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Blocked on Weibo: What Gets Suppressed on China's Version of Twitter (and Why)by Jason Q Ng
Synopses & Reviews
Though often described with foreboding buzzwords such as "The Great Firewall" and the "censorship regime," Internet regulation in China is rarely either obvious or straightforward. This was the inspiration for China specialist Jason Q. Ng to write an innovative computer script that would make it possible to deduce just which terms are suppressed on Chinas most important social media site, Sina Weibo. The remarkable and groundbreaking result is Blocked on Weibo, which began as a highly praised blog and has been expanded here to list over 150 forbidden keywords, as well as offer possible explanations why the Chinese government would find these terms sensitive.
As Ng explains, Weibo (roughly the equivalent of Twitter), with over 500 million registered accounts, censors hundreds of words and phrases, ranging from fairly obvious terms, including "tank" (a reference to the "Tank Man" who stared down the Chinese army in Tiananmen Square) and the names of top government officials (if they cant be found online, they can't be criticized), to deeply obscure references, including "hairy bacon" (a coded insult referring to Maos embalmed body).
With dozens of phrases that could get a Chinese Internet user invited to the local police station "for a cup of tea" (a euphemism for being detained by the authorities), Blocked on Weibo offers an invaluable guide to sensitive topics in modern-day China as well as a fascinating tour of recent Chinese history.
What did Chinese authorities do in July 2009 when tensions between the predominantly Muslim population of Chinas Xinjiang province and authorities escalated into violent riots? They turned off the Internet in Xinjiang. This inspired China scholar Jason Q. Ng to devise a computer script to test all 700,000 terms in Chinese Wikipedia to see which ones are routinely censored on Sina Weibo, Chinas version of Twitter, which currently has over 300 million users.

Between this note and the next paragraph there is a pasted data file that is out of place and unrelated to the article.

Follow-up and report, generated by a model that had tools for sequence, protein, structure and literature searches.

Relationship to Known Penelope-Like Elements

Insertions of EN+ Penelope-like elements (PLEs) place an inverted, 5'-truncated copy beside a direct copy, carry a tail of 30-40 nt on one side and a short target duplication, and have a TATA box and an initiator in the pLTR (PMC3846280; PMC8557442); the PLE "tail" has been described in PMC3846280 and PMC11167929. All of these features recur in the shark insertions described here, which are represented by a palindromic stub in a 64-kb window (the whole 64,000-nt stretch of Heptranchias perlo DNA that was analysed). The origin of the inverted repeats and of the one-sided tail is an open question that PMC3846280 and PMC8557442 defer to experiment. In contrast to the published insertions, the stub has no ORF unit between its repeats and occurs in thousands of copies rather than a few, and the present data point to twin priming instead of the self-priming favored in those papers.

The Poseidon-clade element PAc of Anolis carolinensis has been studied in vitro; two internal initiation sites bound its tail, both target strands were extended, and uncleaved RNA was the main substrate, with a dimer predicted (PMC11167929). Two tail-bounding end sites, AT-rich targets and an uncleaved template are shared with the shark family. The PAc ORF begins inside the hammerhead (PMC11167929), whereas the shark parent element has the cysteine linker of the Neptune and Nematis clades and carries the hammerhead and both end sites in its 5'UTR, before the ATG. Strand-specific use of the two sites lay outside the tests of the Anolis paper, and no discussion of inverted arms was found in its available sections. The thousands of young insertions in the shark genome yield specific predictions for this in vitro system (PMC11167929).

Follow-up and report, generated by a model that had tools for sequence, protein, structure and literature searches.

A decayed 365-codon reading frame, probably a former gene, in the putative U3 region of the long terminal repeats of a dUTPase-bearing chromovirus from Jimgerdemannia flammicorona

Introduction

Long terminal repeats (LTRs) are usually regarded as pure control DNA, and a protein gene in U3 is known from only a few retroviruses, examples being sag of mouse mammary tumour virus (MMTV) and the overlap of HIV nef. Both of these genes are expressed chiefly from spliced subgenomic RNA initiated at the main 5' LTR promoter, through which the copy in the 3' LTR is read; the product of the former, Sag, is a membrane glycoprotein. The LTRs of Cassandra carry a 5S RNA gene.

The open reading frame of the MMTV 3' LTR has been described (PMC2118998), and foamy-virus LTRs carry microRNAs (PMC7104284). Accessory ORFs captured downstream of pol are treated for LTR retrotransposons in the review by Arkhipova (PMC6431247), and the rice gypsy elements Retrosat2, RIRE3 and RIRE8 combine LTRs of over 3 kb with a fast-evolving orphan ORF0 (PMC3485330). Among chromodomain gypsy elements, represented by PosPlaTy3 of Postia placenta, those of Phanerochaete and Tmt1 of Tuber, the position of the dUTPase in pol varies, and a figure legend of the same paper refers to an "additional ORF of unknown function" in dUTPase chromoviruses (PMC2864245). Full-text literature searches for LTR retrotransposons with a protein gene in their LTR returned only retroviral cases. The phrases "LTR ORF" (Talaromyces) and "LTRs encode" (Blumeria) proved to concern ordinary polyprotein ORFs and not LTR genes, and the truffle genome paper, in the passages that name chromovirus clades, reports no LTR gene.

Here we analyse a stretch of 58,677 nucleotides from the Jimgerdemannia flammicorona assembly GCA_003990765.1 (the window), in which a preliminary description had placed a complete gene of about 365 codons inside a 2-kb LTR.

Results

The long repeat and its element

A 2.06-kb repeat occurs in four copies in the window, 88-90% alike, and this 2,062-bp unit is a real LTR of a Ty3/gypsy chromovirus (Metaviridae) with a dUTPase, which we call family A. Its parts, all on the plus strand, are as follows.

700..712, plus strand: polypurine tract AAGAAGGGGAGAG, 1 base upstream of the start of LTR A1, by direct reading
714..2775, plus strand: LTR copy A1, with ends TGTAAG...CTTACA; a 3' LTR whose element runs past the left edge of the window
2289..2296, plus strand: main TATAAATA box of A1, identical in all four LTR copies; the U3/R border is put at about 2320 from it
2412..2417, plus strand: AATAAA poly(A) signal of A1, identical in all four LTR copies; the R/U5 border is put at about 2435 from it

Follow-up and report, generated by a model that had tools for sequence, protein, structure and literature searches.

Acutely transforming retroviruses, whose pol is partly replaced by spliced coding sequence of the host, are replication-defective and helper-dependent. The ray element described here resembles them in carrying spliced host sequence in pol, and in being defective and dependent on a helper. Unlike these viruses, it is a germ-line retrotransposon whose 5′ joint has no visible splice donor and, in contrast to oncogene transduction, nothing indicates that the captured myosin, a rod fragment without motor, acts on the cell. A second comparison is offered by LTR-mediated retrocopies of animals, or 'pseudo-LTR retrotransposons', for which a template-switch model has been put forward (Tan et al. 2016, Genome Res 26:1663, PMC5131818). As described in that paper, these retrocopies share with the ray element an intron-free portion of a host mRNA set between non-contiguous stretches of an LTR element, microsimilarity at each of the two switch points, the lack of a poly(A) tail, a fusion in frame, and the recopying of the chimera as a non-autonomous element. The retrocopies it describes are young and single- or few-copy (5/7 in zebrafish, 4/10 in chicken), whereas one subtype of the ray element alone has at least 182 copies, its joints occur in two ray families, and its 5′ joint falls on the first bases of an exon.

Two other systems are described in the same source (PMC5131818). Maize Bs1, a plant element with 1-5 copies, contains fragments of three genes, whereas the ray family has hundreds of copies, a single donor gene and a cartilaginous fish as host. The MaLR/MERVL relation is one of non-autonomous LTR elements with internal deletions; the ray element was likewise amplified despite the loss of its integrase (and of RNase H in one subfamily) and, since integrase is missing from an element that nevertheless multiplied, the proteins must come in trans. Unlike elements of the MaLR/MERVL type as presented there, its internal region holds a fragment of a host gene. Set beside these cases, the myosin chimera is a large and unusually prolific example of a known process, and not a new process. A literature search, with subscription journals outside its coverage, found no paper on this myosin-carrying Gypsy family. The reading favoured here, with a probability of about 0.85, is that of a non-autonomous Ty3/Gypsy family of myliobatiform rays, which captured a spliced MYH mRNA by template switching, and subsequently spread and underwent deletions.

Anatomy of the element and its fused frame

The result was the groundbreaking and highly praised Blocked on Weibo blog, expanded here into a book. Ranging from fairly obvious words, such as "tank" (a reference to the "Tank Man" who stared down the Chinese army in Tiananmen Square) and the names of top government officials (if they cant be found online, they cant be criticized), to deeply obscure terms, such as "The Four Gentlemen" (though it means a set of four traditional flowers, it can also refer to various quartets of dissidents) and "hairy bacon" (a coded insult for Maos embalmed body), Blocked on Weibo collects many of the phrases that could get a Chinese Internet user invited to the local police station "for a cup of tea"—a euphemism for being illegally detained by the authorities.
An invaluable guide to sensitive topics in modern-day China, Blocked on Weibo exposes the fissures between the idealized society that Chinese authorities dream of having and the actual one that Chinese netizens are creating each day.
About the Author
Jason Q. Ng is a research consultant for China Digital Times and a 2013 Google Policy Fellow at the Citizen Lab. His work has been featured in Le Monde, the Huffington Post, the Next Web, Asia Pacific Forum, and Shanghaiist. He writes regularly on China for Waging Nonviolence. He lives in New Jersey.
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Computers and Internet » Internet » General